• Write a list of possible topics on the board and the learners read quickly to decide which ones were mentioned.
  • Students read different sections of a text and summarize to their partners.

Reading for specific information – tasks to help the learners practice scanning

  • Learners create their own questions about contents of the text (short answer, true or false, multiple choice, etc.) for the other learners to answer.
  • Provide ‘answers’ and ask the learners to make the questions
  • Write words or numbers from the text on the board and the learners scan the text to find their significance

Detailed reading – tasks to help the learners develop a more in-depth comprehension of the text

  • As appropriate, learners create charts, diagrams, maps, or time-lines based on the information in the text
  • Learners create summaries of the texts which deliberately contain factual errors.  Their peers must then try to find the errors and correct them.

Inferring meaning – tasks to help learners read between the lines and work with context

  • Each learner chooses one unfamiliar word and the class tries to work out the meaning from context.  They can then check with the teacher or a dictionary to confirm their predictions.
  • Learners deduce and discuss the emotions of characters, the opinion of the author, etc. (any questions in which the answer is not explicitly stated).

Engaging with the text – tasks to help the learners interact with the text and express their own opinions

  • Don’t give the ending of the text and learners write their own, which they can compare to the original later.
  • Hold a debate or discussion about issues raised in the text.
  • Rewrite the text in a different genre, e.g. short story to newspaper article.

Other considerations

One text – On occasion, it may not even be possible to get multiple copies of the text.   True, this will make reading practice difficult, but the one text can be used as excellent stimulus for speaking practice.

  • If one student brings in an article which they have read, designate that student as the ‘expert’.  The rest of the class can then write questions to ask the expert, who tries to answer them, referring to the text if necessary.
  • Bring in a local newspaper and have them predict possible stories for the day.  Then, divide up the paper and have groups check their predictions before reconvening to compile their answers.  Following on from this stage, each pair can choose the article they found most interesting and give a report to the class.  The rest of the students then ask ‘the experts’ more specific questions.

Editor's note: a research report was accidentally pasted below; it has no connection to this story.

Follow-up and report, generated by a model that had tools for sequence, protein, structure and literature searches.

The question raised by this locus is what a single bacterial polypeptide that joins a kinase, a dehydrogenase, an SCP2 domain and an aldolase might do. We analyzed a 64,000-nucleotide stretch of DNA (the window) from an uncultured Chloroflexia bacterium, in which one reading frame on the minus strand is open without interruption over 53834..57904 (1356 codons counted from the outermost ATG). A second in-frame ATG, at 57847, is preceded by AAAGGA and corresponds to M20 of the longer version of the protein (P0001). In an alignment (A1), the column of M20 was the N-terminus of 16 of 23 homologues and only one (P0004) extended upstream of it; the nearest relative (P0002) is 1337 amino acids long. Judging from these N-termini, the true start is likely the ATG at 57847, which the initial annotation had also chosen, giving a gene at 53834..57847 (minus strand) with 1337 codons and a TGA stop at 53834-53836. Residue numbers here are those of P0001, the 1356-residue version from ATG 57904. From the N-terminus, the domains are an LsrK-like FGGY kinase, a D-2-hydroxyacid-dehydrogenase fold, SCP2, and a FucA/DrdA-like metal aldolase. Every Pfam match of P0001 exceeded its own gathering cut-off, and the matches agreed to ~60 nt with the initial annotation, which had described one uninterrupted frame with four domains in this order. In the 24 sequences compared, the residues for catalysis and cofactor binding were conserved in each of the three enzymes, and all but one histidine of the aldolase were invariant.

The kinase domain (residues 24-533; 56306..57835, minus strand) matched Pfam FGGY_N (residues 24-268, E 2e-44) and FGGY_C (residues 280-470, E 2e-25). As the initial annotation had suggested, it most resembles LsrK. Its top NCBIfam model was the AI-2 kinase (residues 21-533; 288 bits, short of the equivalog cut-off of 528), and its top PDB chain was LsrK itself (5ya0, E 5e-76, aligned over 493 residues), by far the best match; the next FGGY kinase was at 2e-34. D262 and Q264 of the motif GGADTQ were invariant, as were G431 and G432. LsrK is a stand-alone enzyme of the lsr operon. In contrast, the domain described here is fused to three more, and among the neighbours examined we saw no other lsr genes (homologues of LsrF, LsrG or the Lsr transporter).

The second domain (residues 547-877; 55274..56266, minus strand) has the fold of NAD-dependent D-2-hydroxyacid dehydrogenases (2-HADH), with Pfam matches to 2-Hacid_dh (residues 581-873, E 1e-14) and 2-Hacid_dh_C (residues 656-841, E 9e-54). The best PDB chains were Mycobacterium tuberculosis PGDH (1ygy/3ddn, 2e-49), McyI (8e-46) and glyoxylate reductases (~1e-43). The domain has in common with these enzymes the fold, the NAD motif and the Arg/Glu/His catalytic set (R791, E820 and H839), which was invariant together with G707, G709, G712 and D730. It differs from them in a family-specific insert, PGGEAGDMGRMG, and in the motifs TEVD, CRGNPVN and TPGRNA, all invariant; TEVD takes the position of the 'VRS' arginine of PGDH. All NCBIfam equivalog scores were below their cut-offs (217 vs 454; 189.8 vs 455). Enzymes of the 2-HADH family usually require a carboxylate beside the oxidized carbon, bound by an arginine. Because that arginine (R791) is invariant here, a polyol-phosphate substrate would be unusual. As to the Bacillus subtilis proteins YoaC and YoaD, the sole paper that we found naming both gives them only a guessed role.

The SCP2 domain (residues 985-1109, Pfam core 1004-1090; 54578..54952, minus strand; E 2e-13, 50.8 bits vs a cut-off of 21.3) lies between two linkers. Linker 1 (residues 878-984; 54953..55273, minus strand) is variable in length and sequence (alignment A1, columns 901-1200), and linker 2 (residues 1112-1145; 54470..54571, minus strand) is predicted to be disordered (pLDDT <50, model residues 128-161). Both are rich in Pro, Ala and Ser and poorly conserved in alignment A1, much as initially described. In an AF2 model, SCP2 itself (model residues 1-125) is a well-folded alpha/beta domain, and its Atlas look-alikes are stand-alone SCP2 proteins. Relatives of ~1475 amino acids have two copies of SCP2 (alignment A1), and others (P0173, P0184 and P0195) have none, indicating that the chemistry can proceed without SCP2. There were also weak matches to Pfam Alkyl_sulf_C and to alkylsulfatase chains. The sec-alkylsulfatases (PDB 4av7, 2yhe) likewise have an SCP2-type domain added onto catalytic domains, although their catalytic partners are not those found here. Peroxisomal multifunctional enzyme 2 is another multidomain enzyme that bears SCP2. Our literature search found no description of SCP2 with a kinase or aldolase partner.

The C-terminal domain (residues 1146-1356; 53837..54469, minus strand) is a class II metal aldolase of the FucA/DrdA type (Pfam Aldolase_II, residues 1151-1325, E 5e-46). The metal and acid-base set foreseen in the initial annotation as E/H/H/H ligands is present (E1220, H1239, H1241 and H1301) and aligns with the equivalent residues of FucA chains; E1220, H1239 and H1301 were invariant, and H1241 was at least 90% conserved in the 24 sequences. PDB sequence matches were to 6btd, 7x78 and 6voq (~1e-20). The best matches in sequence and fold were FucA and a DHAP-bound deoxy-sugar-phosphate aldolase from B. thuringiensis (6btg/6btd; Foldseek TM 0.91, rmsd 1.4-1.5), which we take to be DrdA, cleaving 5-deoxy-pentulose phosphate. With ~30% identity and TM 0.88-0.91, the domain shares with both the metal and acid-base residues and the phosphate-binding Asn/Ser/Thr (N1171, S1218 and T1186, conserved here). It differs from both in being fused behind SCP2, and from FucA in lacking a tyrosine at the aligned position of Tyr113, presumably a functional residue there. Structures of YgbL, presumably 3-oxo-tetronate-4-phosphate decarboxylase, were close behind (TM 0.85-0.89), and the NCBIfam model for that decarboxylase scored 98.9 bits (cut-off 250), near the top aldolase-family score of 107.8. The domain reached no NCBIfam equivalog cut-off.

Using student compositions – Sometimes, the best text to use is the one that students have created themselves!  Naturally, these texts won’t provide the same richness of language that an authentic text would, but on the other hand, the language will definitely be graded sufficiently.  Should the teacher choose to use student-made texts for reading comprehension, many of the aforementioned activities can still be adopted, and many students thoroughly enjoy creating comprehension tasks about their own writing for their peers.

Young learners – For teachers of young learners, many of the activities described here can also be adapted in order to incorporate an element of fun, for example, competitions, board races, treasure hunts, etc.

Further reading

Hopefully, the ideas presented here can be of use to anyone interested in developing learners’ reading skills.  As always in language teaching and learning, there is no one right way to do something, so it certainly helps to have as many teaching tools as possible at one’s disposal.  For many teachers, coming equipped with stacks of resources provides a sense of security, but sometimes it’s just not possible, and who knows, maybe going green and using the students themselves as a resource will in fact liven up the lessons.  It can’t hurt to try!